PM Poshan Shakti Nirman scheme is not to be confused with: Poshan Abhiyaan

  • The term ‘POSHAN’ in the name of the programme stands for ‘Prime Minister’s Overarching Scheme for Holistic Nutrition’.
  • POSHAN Abhiyaan launched in 2018 aims at improving the nutritional status of Children from 0-6 years, Adolescent Girls, Pregnant Women and Lactating Mothers.
  • According to ‘Mission 25 by 2020’, the National Nutrition Mission aims to achieve a reduction in stunting from 38.4% to 25% by 2022.
  • POSHAN Abhiyaan focuses on convergence among partner Ministries leveraging technology and Jan Andolan among other things, to address issue of malnutrition comprehensively.
  • Near-real time reporting by field functionaries and improved MIS is aimed at smooth implementation of scheme and better service delivery.
  • It also targets stunting, under-nutrition, anaemia (among young children, women and adolescent girls) and low birth rate.
  • It will monitor and review implementation of all such schemes and utilize existing structural arrangements of line ministries wherever available.
  • Its large component involves gradual scaling-up of interventions supported by on-going World Bank assisted Integrated Child Development Services (ICDS) Systems Strengthening and Nutrition Improvement Project (ISSNIP) to all districts in the country by 2022.
  • Its vision is to ensure attainment of malnutrition free India by 2022.
  • Implementation of POSHAN Abhiyaan is based on the four-point strategy/pillars of the mission:
    • Inter-sectoral convergence for better service delivery
    • Use of technology (ICT) for real time growth monitoring and tracking of women and children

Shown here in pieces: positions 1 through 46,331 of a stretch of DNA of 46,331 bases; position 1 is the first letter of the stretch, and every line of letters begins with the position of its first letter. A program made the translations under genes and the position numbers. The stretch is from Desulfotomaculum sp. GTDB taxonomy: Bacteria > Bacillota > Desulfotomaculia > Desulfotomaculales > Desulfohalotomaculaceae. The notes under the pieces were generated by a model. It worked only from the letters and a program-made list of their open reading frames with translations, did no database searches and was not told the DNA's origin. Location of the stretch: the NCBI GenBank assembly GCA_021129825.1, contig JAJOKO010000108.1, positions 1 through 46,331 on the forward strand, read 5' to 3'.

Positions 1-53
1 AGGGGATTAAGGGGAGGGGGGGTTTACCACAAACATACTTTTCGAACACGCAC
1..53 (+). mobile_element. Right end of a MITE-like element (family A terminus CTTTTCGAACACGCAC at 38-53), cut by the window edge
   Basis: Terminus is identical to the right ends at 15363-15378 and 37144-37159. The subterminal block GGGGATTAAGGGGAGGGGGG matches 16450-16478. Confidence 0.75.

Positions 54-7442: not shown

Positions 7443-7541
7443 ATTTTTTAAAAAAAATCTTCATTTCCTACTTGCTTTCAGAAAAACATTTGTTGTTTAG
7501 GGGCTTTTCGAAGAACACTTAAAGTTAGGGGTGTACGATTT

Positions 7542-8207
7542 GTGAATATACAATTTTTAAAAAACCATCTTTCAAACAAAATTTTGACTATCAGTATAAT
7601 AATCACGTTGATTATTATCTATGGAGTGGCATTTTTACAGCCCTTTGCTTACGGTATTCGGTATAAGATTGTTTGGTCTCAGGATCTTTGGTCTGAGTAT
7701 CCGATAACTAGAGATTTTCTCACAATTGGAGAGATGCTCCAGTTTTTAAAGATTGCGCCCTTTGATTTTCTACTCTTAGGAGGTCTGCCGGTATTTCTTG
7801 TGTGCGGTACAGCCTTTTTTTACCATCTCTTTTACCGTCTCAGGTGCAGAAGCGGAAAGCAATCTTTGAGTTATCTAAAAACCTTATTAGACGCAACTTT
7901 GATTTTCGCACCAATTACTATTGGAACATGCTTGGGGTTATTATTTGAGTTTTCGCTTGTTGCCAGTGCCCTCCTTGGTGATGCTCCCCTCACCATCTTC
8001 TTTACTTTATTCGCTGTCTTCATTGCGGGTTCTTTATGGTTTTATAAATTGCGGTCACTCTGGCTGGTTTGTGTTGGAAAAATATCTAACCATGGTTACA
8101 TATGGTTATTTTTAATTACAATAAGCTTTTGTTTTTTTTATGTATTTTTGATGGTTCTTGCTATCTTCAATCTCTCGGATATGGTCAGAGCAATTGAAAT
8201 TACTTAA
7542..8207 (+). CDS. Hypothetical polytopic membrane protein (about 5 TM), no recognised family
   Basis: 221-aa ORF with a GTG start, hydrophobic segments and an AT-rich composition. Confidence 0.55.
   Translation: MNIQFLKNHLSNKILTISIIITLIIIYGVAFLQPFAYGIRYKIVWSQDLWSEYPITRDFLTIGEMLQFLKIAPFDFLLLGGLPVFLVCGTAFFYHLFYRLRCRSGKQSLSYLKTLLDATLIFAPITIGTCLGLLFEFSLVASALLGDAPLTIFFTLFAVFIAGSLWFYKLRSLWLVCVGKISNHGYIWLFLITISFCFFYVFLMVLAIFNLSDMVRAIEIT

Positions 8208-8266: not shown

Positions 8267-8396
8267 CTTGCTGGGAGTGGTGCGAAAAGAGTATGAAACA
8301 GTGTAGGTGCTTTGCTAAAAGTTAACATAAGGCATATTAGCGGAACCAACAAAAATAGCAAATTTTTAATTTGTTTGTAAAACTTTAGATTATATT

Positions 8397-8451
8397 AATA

• Intensified health and nutrition services for the first 1000 days
    • Jan Andolan

Unlawful Activities (Prevention) Act, 1967 (UAPA)


Focus: GS III- Security Challenges

Why in News?

The number of terrorist organisations listed in the First Schedule to the Unlawful Activities (Prevention) Act, 1967 (UAPA) in the country is 42 and the number of organisations declared as Unlawful Associations under the UAPA is 13.  

  • So far, 31 individuals have been listed as terrorists under Schedule Four of the Act. 

The Unlawful Activities (Prevention) Act (UAPA), 1967

  • The Unlawful Activities (Prevention) Act (UAPA) of 1967 is an upgrade on the Terrorist and Disruptive Activities (Prevention) Act TADA (which lapsed in 1995) and the Prevention of Terrorism Act – POTA (which was repealed in 2004).
  • Its main objective was to make powers available for dealing with activities directed against the integrity and sovereignty of India.
  • The National Integration Council appointed a Committee on National Integration and Regionalisation to look into, the aspect of putting reasonable restrictions in the interests of the sovereignty and integrity of India.
  • The agenda of the NIC limited itself to communalism, casteism and regionalism and not terrorism.
  • However, the provisions of the UAPA Act contravenes the requirements of the International Covenant on Civil and Political Rights.

Unlawful Activities Prevention Amendment Bill, 2019

  • The original Unlawful Activities Prevention Act, 1967, dealt with “unlawful” acts related to secession; anti-terror provisions were introduced in 2004.
  • It provides special procedures to deal with terrorist activities, among other things.

Key Provisions of the Amendment

  • The Bill amends the Unlawful Activities (Prevention) Act, 1967 (UAPA) and additionally empowers the government to designate individuals as terrorists on the same grounds.
  • Under the Act, the central government may designate an organisation as a terrorist organisation if it:
    • commits or participates in acts of terrorism